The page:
Most of the visit methods receive simple parameters such as int, boolean, and String. In all visit methods where String parameters refer to constants within the bytecode, ASM uses the same representation as used by the JVM. For instance, all class names (e.g. super class, interfaces, exceptions, owner classes for the field, and methods referenced from method code) should be specified in the Internal Form. Field and method descriptors (usually the desc parameter) also should be in JVM representation. The same approach is taken for signature parameters used to represent generics information, so they should follow the grammar defined in Section 4.4.4 of the Revised Class File Format (PDF). This approach helps avoid unnecessary calculations when no transformation is required. To help construct and parse such descriptors, there is a Type class that provides several static methods:

  • String getMethodDescriptor(Type returnType, Type[] argumentTypes)
  • String getInternalName(Class c)
  • String getDescriptor(Class c)
  • String getMethodDescriptor(Method m)
  • Type getType(String typeDescriptor)
  • Type getType(Class c)
  • Type getReturnType(String methodDescriptor)
  • Type getReturnType(Method m)
  • Type[] getArgumentTypes(String methodDescriptor)
  • Type[] getArgumentTypes(Method m)

Note that these descriptors are using an "erasured" representation, which does not contain generics information. Generics info is actually stored as a separate bytecode attribute, but ASM takes care of this attribute and passes the generic signature string in a signature parameter of the appropriate visit methods. The value of the signature string also uses the JVM representation (see Section 4.4.4 in the "Class File Format" (PDF) as revised for Java 5), which uniquely maps from the generic declarations in Java code, but presents an additional challenge for tools that need to retrieve details from generic types. To handle signatures, ASM provides SignatureVisitor, SignatureReader, and SignatureWriter classes modelled in a way similar to other ASM visitors, as illustrated in Figure 3.

Sequence diagram for Signature classes
Figure 3. Sequence diagram for Signature classes

The Util package contains TraceSignatureVisitor, which implements SignatureVisitor and allows you to convert a signature value into a Java declaration with generic types. The following example converts a method signature into a Java method declaration.

  TraceSignatureVisitor v =
      new TraceSignatureVisitor(access);
  SignatureReader r = new SignatureReader(sign);
  r.accept(v);
  String genericDecl = v.getDeclaration();
  String genericReturn = v.getReturnType();
  String genericExceptions = v.getExceptions();

  String methodDecl = genericReturn + " " +
    methodName + genericDecl;
  if(genericExceptions!=null) {
    methodDecl += " throws " + genericExceptions;
  }

Up to this point, we have talked about the general design of the ASM framework and manipulating class structure. However, the most interesting part is how ASM handles method code.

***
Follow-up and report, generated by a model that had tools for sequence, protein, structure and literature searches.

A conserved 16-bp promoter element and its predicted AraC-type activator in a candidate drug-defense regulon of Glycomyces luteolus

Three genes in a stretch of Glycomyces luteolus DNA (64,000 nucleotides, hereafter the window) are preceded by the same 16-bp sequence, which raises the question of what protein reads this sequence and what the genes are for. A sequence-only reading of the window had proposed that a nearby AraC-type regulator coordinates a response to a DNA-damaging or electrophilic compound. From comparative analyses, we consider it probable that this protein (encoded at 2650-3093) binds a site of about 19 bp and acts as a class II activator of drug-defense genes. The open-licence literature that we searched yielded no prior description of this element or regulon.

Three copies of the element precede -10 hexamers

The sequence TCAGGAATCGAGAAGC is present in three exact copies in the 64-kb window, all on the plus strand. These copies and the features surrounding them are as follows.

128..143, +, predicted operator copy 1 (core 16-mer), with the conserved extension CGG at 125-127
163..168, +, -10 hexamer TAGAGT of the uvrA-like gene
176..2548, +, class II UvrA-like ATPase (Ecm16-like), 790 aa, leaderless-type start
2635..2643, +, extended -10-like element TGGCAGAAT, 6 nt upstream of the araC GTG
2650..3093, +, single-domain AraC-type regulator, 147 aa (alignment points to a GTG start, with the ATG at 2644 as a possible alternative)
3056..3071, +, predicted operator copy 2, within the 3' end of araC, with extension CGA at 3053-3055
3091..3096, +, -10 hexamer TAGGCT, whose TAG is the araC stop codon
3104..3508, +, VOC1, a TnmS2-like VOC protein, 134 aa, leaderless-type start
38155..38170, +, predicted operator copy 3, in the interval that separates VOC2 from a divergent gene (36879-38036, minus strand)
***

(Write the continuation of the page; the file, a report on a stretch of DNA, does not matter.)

Visiting Method Code

In ASM, a method declaration is represented by the ClassVisitor.visitMethod(), and the rest of the method bytecode artifacts (Section [3] on class file format diagram) are represented by number of the visit methods in MethodVisitor. These methods are called in the following order, where "*" marks repeated methods and "?" marks methods that can be called once at most. In addition, the visit...Insn and visitLabel methods must be called in the sequential order of the bytecode instructions of the visited code, and the visitTryCatchBlock, visitLocalVariable, and visitLineNumber methods must be called after the labels passed as arguments have been visited.

?
visitAnnotationDefault
Visits the default value for annotation interface method
*
visitAnnotation
Visits a method annotation
*
visitParameterAnnotation
Visits a method parameter annotation
*
visitAttribute
Visits a non-standard method attribute
?
visitCode
Starts the visit of the method's code for non-abstract and non-native methods
* visitInsn Visits a zero operand instruction: NOP, ACONST_NULL, ICONST_M1, ICONST_0, ICONST_1, ICONST_2, ICONST_3, ICONST_4, ICONST_5, LCONST_0, LCONST_1, FCONST_0, FCONST_1, FCONST_2, DCONST_0, DCONST_1, IALOAD, LALOAD, FALOAD, DALOAD, AALOAD, BALOAD, CALOAD, SALOAD, IASTORE, LASTORE, FASTORE, DASTORE, AASTORE, BASTORE, CASTORE, SASTORE, POP, POP2, DUP, DUP_X1, DUP_X2, DUP2, DUP2_X1, DUP2_X2, SWAP, IADD, LADD, FADD, DADD, ISUB, LSUB, FSUB, DSUB, IMUL, LMUL, FMUL, DMUL, IDIV, LDIV, FDIV, DDIV, IREM, LREM, FREM, DREM, INEG, LNEG, FNEG, DNEG, ISHL, LSHL, ISHR, LSHR, IUSHR, LUSHR, IAND, LAND, IOR, LOR, IXOR, LXOR, I2L, I2F, I2D, L2I, L2F, L2D, F2I, F2L, F2D, D2I, D2L, D2F, I2B, I2C, I2S, LCMP, FCMPL, FCMPG, DCMPL, DCMPG, IRETURN, LRETURN, FRETURN, DRETURN, ARETURN, RETURN, ARRAYLENGTH, ATHROW, MONITORENTER, or MONITOREXIT.
visitFieldInsn Visits a field instruction: GETSTATIC, PUTSTATIC, GETFIELD or PUTFIELD.
visitIntInsn Visits an instruction with a single int operand: BIPUSH, SIPUSH, or NEWARRAY.